ognize that they have not gotten everything they were looking for, and they ask where is the “Light”? Our craft In each of the three degrees, after the is full of disillusioned and confused new Masons. Many obligation, the Master queries the can- of them will leave, and have left, the fraternity because didate with the words, “being in a con- they never were given an opportunity to receive that dition of darkness, what do you most which they sought: Light. desire?” The candidate’s response is, “Light”. At this point the candidate Today men are knocking on the door of Masonry for surely cannot have the slightest idea exactly what this many reasons. We must be prepared to receive, educate, light is to be or what his answer alludes to; he can only guide them, and most importantly, satisfy their needs and hope for future enlightenment. expectations. Almost all have sought out, or had exposure to, some form of media view of, or position on In the First Degree following the Master’s query and his Freemasonry. Yet they are unaware that many of their requested desire for Light, the candidate is introduced to preconceived notions of the Fraternity have little basis, the three Great Lights of the Entered Apprentice as well or that most of the perspectives they have formed from as the three Lesser Lights and an explanation is given for their exploration of social media sources are truly not releach of these lights. evant. In the Second Degree after the candidate has again re- While these men may indeed have been able to establish sponded “Light” to the Master’s query, he is shown the a somewhat accurate sense of the history surrounding the Three Great Lights of the Fellow Craft, and told that fraternity, and therefore understand that it is a fraternity “Freemasonry is a progressive, moral science, taught by of men that has withstood the test of 300 years without degrees only” and that he is still “one material point in materially changing. The man who knocks on the door the dark regarding its (Masonry’s) mysteries”. of Freemasonry needs to know that Freemasonry, in all In the Third Degree after the candidate has again responded “Light” to the Master’s query, he is shown the Three Great Lights of the Master Mason, and told that he is “about to receive all the Light that can be conferred” upon him. In addition the Light we imparted in each of the degrees can be summarized as follows: The candidate is given an obligation, the several signs, tokens, and words of the degrees are demonstrated, he is shown how to wear his apron, how to enter and retire from a Lodge room, how to address the Master in each of the degrees, given a lecture regarding the degree he just received, and told what his charge is for the degree. The sign and word of the degrees is often reiterated so the candidate can function within the Lodge. Unfortunately that roughly sums up all the Light that many brothers ever receive. Many remember only a small portion, if any, of the Light which was given to them during the actual conferral of their degree. Some are never even offered the benefit of the required candidate education program.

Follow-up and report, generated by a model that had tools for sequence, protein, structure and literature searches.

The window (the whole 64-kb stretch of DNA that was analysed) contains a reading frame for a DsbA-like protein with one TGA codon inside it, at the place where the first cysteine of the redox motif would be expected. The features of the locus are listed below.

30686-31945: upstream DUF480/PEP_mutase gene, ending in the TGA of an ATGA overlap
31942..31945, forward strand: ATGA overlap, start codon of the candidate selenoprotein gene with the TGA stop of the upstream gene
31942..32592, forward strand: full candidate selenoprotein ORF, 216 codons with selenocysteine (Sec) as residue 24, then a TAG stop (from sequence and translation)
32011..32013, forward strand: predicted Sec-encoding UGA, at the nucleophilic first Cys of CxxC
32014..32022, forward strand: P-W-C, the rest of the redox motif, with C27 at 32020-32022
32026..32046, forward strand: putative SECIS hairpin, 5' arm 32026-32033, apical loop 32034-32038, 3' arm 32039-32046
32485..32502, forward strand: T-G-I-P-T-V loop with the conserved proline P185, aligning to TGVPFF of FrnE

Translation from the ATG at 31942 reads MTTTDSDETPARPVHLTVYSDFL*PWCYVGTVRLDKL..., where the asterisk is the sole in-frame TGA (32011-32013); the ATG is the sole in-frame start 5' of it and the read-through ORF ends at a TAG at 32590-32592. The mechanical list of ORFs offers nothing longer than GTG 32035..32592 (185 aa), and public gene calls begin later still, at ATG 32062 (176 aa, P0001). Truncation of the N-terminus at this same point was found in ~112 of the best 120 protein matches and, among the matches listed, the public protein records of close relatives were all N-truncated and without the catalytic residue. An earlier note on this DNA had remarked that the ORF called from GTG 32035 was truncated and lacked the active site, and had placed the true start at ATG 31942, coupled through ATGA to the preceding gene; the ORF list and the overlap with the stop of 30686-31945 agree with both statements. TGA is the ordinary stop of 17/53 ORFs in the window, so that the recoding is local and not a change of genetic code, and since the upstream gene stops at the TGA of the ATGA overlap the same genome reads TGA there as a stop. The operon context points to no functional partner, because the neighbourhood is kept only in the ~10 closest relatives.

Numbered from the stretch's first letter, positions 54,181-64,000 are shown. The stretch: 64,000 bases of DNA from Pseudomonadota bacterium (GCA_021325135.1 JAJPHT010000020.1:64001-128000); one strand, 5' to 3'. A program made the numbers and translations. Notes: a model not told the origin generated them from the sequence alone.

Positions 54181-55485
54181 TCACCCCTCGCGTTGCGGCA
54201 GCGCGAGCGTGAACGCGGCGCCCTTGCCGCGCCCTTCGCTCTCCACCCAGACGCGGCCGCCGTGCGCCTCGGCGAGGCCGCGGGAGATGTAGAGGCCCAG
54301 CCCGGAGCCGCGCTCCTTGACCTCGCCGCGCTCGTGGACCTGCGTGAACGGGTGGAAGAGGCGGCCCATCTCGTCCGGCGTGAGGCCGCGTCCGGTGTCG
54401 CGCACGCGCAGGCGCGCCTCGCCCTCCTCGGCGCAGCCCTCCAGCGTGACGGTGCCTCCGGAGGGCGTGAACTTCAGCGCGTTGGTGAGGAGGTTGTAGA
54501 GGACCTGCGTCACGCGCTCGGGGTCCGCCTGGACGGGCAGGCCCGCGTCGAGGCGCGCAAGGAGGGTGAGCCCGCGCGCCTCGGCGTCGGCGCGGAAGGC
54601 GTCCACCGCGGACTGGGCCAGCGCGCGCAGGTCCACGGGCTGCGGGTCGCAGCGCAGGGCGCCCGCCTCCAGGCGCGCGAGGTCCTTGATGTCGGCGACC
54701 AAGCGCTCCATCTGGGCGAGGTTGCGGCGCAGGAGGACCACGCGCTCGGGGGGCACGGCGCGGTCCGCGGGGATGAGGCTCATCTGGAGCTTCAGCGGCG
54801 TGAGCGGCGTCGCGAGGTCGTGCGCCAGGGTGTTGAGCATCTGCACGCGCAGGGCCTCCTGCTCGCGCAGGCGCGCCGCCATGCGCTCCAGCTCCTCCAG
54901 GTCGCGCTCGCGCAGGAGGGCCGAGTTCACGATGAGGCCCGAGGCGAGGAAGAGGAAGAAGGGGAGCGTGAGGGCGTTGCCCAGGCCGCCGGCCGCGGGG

of history, has at its very roots a platform for individual conduct and improvement based upon the principles, tenets and landmarks held within the ritual of our fraternity, from which they must build their own path. To the newly raised Master Mason, beginning his Masonic life can be daunting. It is the responsibility of his brothers to take him by the hand and show him that the Masonic Ritual that the officers of the Lodge propounded to him during his degrees, and the lessons contained therein, are the base building block upon which his Masonic life can be built. The new Mason needs mentors. Consider that the first task a new Mason is faced with is to form his own concepts of the parameters of the Masonic ritual and how they may apply to him. It would seem reasonable that by developing a sense of his personal path of improvement he will be able to decide what his weakness and faults are. Then he can use the ritual, examining the principals and tenets within it, to improve and strengthen his character. This investigation should inspire the Mason to look for the origins of the symbols,